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A-frame, boot alignment issue, or both? (pics to help out)

post #1 of 51
Thread Starter 
So I've had this problem ever since I started skiing regularly (about 5 years ago, and about 40 days a year)

Background: I'm 18, 175lbs, and I consider myself to be an advanced, aggressive, and strong skier. I race too, but just at a high school level so I'm on race skis, but not stock skis. (translation: I race for a high school, but I'm not good enough to take my racing anywhere, and I typically get crushed at all my races)

Anyway my coach has been telling me for the past few years, more heavily this year, that I ski a-framed. At first she thought it was a canting issue, but then she kind of decided that it was just me skiing a-framed.

Personally, I think it's an alignment issue. I'm a little knock kneed (not too much though) but I think it could have something to do with the way my foot sits in the boot. If I'm going straight, I find it very hard to roll my inside ski on edge. I usually let the outside ski edge first, and then let the inside ski follow later.
In fact, if I'm skiing on a green run I can put my outside ski on edge and have my inside ski lay completely flat on the snow.

My coach told me to pretend that there was a ball between my knees, hoping that I would drop my inside knee more. She say's I have great angulation, but that if I were to get my legs more parallel and drop my inside knee more, I would get even better angulation.

I tried dropping my inside knee while just free skiing and while it admittedly felt like I was more parallel, I felt unbalanced and it just didn't seem like I could ski like that on a consistent basis or on anything other than mellow groomed runs. When I "angualte" it feels like I could almost drop my outside need behind my inside knee.

My girlfriend says I ski like no one else she's ever seen.

The following two pictures were taken using a disposable camera, and unfortunately, the quality of the camera shows in the quality of the pictures. Nevertheless, I still think you can see my leg work fairly well.

Feel free to ask questions.

Thanks for your help!

1st pic: I'm near the apex of my turn. 2nd pic: I'm near the beginning of my turn.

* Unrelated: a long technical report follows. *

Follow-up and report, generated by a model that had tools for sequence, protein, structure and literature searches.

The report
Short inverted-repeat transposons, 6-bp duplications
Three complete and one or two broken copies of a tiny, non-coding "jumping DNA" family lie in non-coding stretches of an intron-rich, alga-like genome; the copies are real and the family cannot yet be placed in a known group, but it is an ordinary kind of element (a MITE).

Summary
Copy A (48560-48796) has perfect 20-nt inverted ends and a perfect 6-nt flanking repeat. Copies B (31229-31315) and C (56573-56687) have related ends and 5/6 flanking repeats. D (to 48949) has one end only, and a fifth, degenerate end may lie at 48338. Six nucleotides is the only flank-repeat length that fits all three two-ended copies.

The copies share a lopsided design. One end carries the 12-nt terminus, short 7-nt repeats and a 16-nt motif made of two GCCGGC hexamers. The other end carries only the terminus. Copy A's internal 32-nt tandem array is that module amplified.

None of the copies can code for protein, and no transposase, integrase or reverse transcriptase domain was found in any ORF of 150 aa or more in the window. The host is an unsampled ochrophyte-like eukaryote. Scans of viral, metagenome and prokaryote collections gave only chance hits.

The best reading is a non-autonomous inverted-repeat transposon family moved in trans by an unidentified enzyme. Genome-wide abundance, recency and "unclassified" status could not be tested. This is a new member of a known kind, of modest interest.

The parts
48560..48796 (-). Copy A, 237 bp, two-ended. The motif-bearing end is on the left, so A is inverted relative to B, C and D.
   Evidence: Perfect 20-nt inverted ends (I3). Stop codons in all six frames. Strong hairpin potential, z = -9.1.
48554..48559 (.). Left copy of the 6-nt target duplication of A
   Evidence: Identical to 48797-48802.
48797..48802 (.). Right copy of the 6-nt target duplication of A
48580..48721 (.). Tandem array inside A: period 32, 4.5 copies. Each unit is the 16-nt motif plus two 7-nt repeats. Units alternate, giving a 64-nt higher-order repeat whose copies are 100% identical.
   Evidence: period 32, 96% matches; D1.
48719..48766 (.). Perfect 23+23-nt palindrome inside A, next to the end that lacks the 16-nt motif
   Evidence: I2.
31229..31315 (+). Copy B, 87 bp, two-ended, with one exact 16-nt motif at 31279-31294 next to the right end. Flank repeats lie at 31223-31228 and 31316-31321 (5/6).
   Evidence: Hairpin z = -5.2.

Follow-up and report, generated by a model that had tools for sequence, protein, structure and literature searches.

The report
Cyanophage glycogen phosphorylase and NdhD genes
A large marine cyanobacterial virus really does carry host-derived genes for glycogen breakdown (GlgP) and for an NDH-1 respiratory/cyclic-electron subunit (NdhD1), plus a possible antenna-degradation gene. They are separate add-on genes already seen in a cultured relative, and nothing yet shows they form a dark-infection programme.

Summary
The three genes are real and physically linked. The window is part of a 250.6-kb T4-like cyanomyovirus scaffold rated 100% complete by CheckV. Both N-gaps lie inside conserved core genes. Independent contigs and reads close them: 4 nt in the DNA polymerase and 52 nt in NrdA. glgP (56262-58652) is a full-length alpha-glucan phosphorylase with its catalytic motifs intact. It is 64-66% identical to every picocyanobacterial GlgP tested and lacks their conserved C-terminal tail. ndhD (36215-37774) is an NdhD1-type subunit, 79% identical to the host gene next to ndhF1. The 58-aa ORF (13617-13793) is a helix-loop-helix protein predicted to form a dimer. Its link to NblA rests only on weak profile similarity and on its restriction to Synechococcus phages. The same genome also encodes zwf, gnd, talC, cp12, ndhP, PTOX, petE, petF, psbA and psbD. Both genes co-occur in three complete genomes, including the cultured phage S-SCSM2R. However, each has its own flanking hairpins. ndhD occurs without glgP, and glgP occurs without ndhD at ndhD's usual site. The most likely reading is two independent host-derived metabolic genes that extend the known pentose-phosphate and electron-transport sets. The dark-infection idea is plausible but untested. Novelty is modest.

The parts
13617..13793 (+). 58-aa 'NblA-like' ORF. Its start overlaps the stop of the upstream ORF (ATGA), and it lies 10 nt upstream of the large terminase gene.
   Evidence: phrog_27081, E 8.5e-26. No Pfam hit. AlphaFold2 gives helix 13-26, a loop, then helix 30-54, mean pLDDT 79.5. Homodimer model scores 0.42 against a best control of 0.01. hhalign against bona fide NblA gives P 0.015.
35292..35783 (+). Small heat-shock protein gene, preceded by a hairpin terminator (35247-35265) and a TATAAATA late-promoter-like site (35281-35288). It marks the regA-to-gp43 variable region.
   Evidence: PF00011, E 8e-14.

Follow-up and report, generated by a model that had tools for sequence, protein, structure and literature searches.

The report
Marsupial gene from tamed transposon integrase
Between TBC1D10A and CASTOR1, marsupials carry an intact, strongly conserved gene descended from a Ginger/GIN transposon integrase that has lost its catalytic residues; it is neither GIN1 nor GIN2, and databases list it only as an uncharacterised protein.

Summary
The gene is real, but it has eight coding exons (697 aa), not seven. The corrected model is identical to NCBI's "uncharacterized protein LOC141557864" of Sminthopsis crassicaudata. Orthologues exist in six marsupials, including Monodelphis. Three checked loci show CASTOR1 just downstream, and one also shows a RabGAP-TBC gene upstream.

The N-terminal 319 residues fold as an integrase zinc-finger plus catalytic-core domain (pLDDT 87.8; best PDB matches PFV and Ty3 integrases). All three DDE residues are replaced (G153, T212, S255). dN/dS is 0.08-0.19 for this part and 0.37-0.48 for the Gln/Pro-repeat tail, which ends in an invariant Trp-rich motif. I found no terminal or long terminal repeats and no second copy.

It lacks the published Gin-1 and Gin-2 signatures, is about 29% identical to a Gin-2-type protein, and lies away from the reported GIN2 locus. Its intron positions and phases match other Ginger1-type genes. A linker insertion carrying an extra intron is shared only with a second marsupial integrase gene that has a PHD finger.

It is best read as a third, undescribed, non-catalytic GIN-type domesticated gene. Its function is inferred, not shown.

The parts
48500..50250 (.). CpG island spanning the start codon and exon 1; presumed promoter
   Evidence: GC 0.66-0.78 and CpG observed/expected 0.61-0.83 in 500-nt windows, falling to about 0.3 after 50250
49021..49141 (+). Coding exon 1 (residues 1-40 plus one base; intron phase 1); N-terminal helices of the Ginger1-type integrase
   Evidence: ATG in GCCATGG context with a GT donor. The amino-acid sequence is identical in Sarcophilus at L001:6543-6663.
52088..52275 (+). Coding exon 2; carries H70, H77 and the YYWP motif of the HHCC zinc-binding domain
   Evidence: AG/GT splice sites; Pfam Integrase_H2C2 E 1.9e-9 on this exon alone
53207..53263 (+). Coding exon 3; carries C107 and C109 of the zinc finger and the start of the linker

post #2 of 51
Hip dropping back and inside, possibly due to excessive counter, makes it tough to have parallel shins in that position.

Being a bit taller & more square in the hips, working on edging with the ankles & knees as well, and only inclining into the turn as the speed/forces dictate will help.
post #3 of 51
First question. Do you have orthotics in your boots? If not, get some good ones made by a Pedorthist or well established ski professional.
Two.Have you been checked for alignment? If yes, what was it? If no, get the orthotics first then get it done.
Witherall said, in How the Racers Ski,(1971)"When an athlete can't change a problem, no matter how hard they try, it's ususally equipment"
I've seen a lot of skiers look like that(most were women). It's usually wide hips, fallen arches and a lot of negative cant(when shins are straight skis are on their outside edges) It's not very common these days because most top end boots have lots of positive cant and most skiers are too much on their inside edges.(causing them to bank their turns or sit back or both)
post #4 of 51
It's real hard to tell in these pictures I think SJ has said a lot.

There also seems to be a lot of tip lead possibly due to counter as well. If you can get your "knee" behind the other in order to angulate, then you have way too much tip lead going on.

But by your description of what it's like to ski on flats I would have your cant and alignment checked.

You don't mention where you live or ski so I can't recommend anyone specific.
post #5 of 51
Have you ever heard the term "ski a little cowboy". When you begin to initiate a new turn try to be on the little toe of the old inside ski and the new inside ski at the same time for just a second. This should create stronger activity of the inside half at the top of your turn. Give it a try doing railroad track turns on a smooth green run.
post #6 of 51
Hi Dipstick--

It's always a good idea to have your boot setup checked. You may well have an alignment issue, that could be solved by a corrective footbed, a cuff alignment, a different boot (i.e. the new Fischer, which is great for the commonly over-pronated, underedged skier), and/or a canting solution.